Multinationals and Global Capitalism: From the Nineteenth to the Twenty-First Century

By Geoffrey Jones | Go to book overview

Appendix 2

Glossary
Antitrust Laws against monopolies or restrictive practices in uncompetitive market conditions.
Brand A product name which facilitates product differentiation.
Business Group A cluster of nominally independent firms linked through either equity or non-equity modes.
Cartel A group of firms which enter into an agreement to set mutually acceptable prices or a price on the output of a commodity.
Chaebol A family-controlled, diversified big business group in South Korea.
Commonwealth Informal grouping of former constituents of British Empire.
Culture The learned attitudes of a society. It can refer to an organization or to a nation.
Economies of Scale These arise when expansion of the scale of production causes total production costs to increase less than proportionately with output.
Economies of Scope These arise when diversification into new product lines permits a reduction of unit costs.
Exchange Controls The control by governments of dealings in foreign currencies and gold.
Eurodollars Dollars held by individuals and institutions outside the United States.
European Union Formed as European Economic Community as a result of Treaty of Rome (1957) and consisting of France, West Germany, Italy, Belgium, Netherlands, and Luxembourg. Subsequently known as the Economic Community and (from 1993) the European Union. Enlarged to include the United Kingdom, Denmark and Ireland in 1973, Greece in 1981, Spain and Portugal in 1986; Sweden, Finland and Austria in 1995; and Cyprus, Czech Republic, Estonia, Hungary, Latvia, Lithuania, Malta, Poland, Slovakia, and Slovenia in 2004.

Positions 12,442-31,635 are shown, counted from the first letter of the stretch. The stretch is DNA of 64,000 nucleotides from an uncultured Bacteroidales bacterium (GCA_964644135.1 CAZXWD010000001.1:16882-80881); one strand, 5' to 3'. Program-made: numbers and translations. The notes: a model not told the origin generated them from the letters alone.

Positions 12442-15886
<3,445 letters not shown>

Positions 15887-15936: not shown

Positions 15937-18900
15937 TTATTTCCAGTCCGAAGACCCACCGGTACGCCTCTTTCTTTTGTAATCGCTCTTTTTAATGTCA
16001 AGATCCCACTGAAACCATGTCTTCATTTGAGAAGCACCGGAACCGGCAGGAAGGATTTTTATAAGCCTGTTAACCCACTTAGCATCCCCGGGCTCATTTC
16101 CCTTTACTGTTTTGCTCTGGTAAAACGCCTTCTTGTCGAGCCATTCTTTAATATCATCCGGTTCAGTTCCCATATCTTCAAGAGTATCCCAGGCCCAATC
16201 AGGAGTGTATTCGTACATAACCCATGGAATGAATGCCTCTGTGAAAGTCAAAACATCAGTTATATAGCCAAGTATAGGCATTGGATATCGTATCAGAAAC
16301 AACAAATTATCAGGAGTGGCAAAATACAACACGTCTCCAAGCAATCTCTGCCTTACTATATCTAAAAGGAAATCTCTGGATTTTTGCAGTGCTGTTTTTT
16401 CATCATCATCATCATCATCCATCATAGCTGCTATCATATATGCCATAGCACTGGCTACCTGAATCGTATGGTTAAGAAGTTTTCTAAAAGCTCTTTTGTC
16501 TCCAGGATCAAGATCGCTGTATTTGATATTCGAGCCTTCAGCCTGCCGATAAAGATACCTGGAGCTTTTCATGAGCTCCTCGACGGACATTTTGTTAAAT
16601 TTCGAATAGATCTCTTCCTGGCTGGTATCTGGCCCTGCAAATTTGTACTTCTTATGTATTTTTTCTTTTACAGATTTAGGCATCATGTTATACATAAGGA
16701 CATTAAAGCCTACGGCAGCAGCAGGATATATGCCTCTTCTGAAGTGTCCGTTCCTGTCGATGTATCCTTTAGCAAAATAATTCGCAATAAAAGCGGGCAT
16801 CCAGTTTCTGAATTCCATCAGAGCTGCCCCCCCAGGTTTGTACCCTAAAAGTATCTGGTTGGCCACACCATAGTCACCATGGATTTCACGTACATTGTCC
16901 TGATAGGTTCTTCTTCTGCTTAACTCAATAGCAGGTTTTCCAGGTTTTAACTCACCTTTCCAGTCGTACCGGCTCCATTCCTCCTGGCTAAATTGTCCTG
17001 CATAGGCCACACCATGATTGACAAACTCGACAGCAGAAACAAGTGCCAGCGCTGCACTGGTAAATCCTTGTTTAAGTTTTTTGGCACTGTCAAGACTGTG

First Mover Advantages These are held by the firms which exploit first a new technology, distribution system or organization system. The resulting strong competitive positions represent barriers to entry by 'follower' firms.
Foreign Direct Investment (FDI) An investment in a foreign firm which involves managerial control.
Franchising An arrangement whereby one party gives an independent party the use of a trademark that is an essential asset and continued assistance in the operation of the business.
Free-standing Company A firm that did not grow out of an existing domestic business but was established specifically to operate in a foreign country. This form of company existed in great numbers before 1914.
Gold Standard The international monetary system prevalent before 1914 (and in the 1920s) whereby the value of national currencies was fixed to gold and their central banks were obliged to give gold in exchange for any of its currency presented to it.
Greenfield Investment When a multinational opens a new facility in a foreign country as opposed to entering a market by acquiring an existing facility.

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Multinationals and Global Capitalism: From the Nineteenth to the Twenty-First Century
Table of contents

Table of contents

  • Multinationals and Global Capitalism iii
  • Preface v
  • Contents vii
  • List of Figures viii
  • List of Tables ix
  • List of Boxes x
  • Part I Frameworks 1
  • 1: Concepts 3
  • Summary 15
  • 2: Multinationals and Globalization 16
  • Summary 40
  • Part II Exploiting Opportunities 43
  • 3: Natural Resources 45
  • 4: Manufacturing 76
  • 5: Services 109
  • Part III Building Organizations 145
  • 6: Crossing Borders 147
  • 7: Managing Multinationals 166
  • Part Ivexternal Environment 199
  • 8: Public Policy 201
  • Part V Outcomes 229
  • 9: Multinationals and Home Economies 231
  • 10: Engines of Growth? 255
  • 11: Conclusions 285
  • Appendix 2 302
  • Bibliography 307
  • Index 329
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